Spotlight is able to be brilliant simply because it resists the urge to be ‘Hollywood-ised’. There are very few films that come to mind, except perhaps documentaries, that are as real as Spotlight. Every performance is subtle and reserved, and there is only one moment of an outburst, which comes from Mark Ruffalo. Other than that, everyone is as real a human being as possible, and this deserves true praise. It’s one thing to act as a character. It’s a whole other thing to act as a person.

Spotlight is able to be brilliant despite this. It is so gripping and entertaining, and this is largely because it knows its subject matter does not need any further elements to be intriguing. There is no ‘inside man’ in the Church or anything of the sort, because the film doesn’t need it. It already has enough to disturb people more than any horror film can, and Tom McCarthy’s masterful fast-paced and constantly moving directing, combined with an excellent yet soft score, makes Spotlight an inviting experience.


I honestly cannot praise this realism more. Whenever a film says ‘based on a true story’, you can immediately tell that not everything is exactly based on true events, because there’s always something there to make it seem more suspenseful or interesting. Spotlight, however, never makes you think this, and yet is so engrossing because of the way it’s filmed and cut together.

It’s a shining example of how film doesn’t need to be extravagant to be special. Editing, writing and directing matter to making a film appealing, and real acting is far superior to anything even slightly over the top any day.

The fact is that Spotlight, a subtle drama which is almost a documentary in its storytelling, leaves a greater impact on you than anything that is trying too hard to have the same effect. That is why Spotlight is so special.



The Problems With Film Discussion and Criticism

2018 is upon us, and this is the beginning of my third year with The Geeky Critic. It seems like an appropriate time to take a step back and analyse what’s wrong with how we discuss film online.

You may notice that the featured image for this article comes from Star Wars: The Last Jedi, and that is no coincidence. The Last Jedi is a shining example of why discussing film has become borderline impossible. It is, truly, this year’s Batman v Superman: Dawn of Justice, in that it divided everyone. More on that film in a bit. However, let’s stick to The Last Jedi, and Star Wars in general.


Star Wars is a saga that is older than forty years old now. The original (which I will refuse to call A New Hope) revolutionised film as it was known, and what came after is in the history books. The original Star Wars trilogy is so beloved that every Star Wars film that has come after has suffered greatly.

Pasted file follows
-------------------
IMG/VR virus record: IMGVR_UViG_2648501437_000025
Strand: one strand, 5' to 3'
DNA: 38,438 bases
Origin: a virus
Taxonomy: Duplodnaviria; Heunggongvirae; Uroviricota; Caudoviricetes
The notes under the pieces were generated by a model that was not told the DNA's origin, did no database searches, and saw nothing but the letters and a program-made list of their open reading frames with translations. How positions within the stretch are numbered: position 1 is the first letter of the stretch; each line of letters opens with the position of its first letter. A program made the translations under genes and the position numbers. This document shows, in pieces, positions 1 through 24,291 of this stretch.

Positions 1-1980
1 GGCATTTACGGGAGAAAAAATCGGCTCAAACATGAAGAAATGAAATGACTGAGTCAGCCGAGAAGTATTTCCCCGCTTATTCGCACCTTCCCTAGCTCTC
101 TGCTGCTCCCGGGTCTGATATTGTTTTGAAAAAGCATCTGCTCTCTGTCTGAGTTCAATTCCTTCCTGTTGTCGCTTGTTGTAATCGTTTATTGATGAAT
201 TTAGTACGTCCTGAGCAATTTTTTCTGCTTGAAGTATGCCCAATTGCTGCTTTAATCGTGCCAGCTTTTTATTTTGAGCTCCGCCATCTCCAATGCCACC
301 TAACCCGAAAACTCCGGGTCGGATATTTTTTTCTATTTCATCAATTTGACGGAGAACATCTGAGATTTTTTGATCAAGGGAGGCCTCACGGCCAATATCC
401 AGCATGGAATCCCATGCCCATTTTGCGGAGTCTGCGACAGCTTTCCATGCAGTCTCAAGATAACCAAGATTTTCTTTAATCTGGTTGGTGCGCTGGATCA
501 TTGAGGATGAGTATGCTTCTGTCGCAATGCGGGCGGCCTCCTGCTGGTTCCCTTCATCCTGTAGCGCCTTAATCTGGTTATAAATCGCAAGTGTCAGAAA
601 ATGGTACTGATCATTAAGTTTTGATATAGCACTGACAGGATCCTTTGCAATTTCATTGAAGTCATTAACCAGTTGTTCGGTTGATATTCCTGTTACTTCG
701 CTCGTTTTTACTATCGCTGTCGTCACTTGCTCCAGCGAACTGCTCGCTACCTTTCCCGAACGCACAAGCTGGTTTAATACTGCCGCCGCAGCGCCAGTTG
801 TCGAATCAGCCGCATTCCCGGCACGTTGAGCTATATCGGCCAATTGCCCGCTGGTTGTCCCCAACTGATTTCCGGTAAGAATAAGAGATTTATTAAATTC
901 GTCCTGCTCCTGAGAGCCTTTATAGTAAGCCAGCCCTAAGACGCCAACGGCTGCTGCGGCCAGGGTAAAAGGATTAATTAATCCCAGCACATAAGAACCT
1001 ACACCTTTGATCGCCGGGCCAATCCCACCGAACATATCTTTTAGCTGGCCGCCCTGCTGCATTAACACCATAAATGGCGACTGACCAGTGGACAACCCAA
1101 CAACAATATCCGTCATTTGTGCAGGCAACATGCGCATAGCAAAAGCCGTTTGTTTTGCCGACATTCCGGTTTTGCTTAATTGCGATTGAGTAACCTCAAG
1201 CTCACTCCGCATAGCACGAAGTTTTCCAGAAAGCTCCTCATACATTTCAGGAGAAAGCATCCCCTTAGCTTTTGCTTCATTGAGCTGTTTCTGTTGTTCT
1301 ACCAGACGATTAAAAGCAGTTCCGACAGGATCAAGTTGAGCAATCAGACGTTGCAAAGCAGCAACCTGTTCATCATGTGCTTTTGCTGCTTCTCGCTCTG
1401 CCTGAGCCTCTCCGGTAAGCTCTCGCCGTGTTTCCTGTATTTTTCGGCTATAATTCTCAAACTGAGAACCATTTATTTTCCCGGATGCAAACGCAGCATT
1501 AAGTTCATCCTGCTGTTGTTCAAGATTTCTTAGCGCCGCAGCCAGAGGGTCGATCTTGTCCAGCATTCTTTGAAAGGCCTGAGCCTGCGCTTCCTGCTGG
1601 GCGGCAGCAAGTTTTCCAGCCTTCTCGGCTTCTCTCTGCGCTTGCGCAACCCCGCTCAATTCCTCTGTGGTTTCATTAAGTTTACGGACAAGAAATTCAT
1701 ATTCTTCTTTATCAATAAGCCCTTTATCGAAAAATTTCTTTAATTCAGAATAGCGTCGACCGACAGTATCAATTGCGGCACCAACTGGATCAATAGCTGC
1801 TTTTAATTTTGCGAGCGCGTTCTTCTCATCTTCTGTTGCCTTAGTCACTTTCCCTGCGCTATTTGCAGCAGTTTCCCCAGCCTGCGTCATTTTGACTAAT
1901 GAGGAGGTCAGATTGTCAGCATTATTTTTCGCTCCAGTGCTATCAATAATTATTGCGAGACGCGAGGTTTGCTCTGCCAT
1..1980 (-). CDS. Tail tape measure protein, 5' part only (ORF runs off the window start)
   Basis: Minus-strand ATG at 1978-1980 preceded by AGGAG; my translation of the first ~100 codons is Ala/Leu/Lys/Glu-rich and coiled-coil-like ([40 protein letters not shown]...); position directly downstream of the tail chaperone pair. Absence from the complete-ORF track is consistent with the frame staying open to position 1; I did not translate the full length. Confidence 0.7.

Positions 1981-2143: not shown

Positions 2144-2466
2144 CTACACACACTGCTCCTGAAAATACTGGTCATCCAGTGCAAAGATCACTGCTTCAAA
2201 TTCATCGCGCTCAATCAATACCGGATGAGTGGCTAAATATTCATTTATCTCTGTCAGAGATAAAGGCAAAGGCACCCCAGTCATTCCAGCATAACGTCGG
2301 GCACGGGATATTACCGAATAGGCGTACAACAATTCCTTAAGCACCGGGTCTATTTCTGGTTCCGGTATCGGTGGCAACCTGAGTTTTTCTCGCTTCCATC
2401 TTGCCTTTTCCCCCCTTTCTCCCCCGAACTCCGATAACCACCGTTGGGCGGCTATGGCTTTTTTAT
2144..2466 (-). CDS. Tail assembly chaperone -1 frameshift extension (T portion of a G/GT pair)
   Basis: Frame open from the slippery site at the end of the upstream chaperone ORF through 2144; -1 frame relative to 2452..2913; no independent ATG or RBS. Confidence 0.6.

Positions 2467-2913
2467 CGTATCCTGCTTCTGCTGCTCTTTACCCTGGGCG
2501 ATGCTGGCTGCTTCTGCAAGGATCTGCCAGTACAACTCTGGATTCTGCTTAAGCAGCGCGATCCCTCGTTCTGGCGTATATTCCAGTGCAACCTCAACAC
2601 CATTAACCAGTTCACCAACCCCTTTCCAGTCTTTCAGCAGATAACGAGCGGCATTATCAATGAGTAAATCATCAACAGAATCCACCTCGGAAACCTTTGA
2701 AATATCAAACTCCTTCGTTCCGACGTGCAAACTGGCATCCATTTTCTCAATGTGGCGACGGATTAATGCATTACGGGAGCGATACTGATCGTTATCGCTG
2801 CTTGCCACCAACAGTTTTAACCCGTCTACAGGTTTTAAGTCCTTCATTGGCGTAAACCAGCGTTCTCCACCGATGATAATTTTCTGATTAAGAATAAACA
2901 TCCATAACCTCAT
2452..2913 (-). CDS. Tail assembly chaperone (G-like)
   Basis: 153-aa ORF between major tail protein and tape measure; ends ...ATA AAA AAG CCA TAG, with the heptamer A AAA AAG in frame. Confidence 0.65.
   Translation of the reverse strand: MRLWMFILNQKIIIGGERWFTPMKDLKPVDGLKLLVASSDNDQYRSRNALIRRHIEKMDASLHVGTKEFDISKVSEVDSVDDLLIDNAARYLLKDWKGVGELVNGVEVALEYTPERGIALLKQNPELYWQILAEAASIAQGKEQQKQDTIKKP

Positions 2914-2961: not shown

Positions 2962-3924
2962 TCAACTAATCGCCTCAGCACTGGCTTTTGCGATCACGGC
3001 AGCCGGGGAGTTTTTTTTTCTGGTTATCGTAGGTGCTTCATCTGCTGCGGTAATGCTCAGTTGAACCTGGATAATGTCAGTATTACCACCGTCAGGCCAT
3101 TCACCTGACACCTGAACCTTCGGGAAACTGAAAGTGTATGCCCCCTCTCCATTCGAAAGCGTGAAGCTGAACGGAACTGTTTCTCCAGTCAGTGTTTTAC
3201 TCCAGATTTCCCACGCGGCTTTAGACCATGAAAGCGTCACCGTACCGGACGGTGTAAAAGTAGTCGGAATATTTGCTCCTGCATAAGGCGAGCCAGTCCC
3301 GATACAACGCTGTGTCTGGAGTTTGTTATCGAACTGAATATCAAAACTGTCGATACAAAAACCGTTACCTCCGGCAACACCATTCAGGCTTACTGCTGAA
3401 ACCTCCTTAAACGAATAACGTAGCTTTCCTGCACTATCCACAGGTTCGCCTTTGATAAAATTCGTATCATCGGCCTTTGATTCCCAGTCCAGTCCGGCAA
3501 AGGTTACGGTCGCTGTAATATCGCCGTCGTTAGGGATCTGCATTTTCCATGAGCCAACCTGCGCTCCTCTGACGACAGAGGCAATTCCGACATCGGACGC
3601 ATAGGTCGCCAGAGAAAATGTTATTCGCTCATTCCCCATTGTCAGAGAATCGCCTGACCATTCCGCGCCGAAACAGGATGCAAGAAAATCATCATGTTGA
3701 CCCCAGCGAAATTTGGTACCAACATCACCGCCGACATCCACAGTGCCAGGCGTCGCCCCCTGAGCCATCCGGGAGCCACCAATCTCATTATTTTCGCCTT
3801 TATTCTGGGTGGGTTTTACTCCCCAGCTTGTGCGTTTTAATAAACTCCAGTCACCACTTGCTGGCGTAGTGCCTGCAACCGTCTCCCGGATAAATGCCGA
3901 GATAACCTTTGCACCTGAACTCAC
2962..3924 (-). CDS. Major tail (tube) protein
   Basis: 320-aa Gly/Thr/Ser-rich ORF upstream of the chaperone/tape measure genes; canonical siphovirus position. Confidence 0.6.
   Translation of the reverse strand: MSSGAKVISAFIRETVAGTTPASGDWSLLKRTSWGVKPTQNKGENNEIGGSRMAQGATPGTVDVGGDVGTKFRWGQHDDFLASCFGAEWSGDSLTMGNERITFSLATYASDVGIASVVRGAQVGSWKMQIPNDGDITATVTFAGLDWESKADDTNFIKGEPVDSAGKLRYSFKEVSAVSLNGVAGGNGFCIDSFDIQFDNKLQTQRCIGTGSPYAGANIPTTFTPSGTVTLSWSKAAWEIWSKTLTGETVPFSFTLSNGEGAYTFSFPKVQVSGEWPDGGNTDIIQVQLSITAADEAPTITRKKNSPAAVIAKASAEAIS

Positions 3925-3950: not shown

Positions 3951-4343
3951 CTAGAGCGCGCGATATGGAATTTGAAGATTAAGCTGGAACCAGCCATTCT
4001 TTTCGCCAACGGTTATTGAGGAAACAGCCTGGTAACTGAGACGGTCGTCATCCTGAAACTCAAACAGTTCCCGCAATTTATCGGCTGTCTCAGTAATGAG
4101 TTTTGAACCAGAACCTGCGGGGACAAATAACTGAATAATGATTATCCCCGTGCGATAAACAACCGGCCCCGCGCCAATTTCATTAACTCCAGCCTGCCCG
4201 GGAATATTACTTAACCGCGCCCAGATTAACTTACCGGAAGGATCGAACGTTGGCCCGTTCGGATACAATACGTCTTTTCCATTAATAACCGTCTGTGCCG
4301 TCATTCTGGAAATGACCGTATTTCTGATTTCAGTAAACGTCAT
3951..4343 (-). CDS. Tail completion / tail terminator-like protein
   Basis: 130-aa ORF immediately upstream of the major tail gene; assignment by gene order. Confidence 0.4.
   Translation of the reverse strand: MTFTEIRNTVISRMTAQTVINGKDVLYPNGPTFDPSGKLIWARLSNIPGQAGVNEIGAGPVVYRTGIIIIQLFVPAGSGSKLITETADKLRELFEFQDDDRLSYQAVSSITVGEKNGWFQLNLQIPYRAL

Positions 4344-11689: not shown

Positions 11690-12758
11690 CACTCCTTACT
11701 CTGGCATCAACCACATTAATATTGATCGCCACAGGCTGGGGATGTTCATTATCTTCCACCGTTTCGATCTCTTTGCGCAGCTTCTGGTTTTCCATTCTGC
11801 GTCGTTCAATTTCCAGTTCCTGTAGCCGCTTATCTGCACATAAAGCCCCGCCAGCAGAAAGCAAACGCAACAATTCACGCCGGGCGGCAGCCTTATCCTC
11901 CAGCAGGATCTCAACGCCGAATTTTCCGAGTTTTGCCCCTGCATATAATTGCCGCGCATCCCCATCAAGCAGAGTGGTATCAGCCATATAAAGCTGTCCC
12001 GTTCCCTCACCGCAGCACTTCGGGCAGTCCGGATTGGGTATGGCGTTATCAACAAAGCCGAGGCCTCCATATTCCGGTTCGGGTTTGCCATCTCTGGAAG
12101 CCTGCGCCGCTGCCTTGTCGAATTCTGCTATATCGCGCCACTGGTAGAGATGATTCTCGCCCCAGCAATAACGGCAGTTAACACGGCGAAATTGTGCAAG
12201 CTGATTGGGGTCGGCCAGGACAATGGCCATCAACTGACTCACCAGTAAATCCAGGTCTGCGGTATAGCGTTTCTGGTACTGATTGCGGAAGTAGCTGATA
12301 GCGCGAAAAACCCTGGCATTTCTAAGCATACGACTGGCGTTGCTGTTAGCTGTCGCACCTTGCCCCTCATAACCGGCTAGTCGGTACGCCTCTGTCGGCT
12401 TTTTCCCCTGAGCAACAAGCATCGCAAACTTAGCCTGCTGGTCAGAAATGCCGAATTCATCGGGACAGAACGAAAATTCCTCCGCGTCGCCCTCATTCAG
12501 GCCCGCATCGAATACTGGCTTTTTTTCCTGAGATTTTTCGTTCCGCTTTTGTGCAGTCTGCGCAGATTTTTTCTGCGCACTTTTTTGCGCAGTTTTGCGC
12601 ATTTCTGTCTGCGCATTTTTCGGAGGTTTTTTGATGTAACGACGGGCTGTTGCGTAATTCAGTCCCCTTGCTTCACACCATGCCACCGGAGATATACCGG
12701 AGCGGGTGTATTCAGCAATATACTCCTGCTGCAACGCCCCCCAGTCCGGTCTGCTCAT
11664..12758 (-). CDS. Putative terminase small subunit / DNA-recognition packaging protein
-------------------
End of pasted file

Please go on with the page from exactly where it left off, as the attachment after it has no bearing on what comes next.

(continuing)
Admittedly, the prequel trilogy is not exactly on the same level of quality as the original (fans of the prequels, please refrain from insulting my intellect. You can have your opinions). They are generally criticised for being boring, too reliant on ridiculous choreography and CGI, having genuinely laughable dialogue, and they have a few abysmal performances.

Fast forward ten years after the last prequel, and in comes The Force Awakens, a film I love and many do not, and I clearly see why many do not. The Force Awakens is not perfect. While I do feel it’s still a great film with great introductions to a new set of characters, it does tend to rely too heavily on similar plot elements from Star Wars (still not A New Hope).


Enter The Last Jedi. I will admit that I like The Last Jedi more than most people appear to. But with this film, I found a whole new side to completely insane criticism, and this is the fact that the film is not ‘my vision’.

I am no expert on film criticism, but there is a difference between criticising how effectively a story is told, how compelling characters are, how natural the tone is, and a number of other aspects that make a film, and flat out saying ‘I don’t like this movie because that’s not how I wanted things to be’.

Here is my take on The Last Jedi. The story with Finn and Rose is, in a way, necessary, but the execution of that plot point is questionable. There are certainly better ways to tell that story without sucking the focus away from the rest of the film and not feeling so out of place. That is my only major issue with a film I otherwise adore.


Now, to be completely honest, my first impression of the film was more positive than that, but over time and after actually taking into consideration what other people think, I can see their side too. Beyond this, I think Rian Johnson truly made The Last Jedi his film, and it feels authentic despite seven films and Rogue One preceding it. And that’s the point. This is not anyone’s vision other than Johnson’s, and saying ‘that’s not how it’s supposed to be’ is not a fair criticism of the film.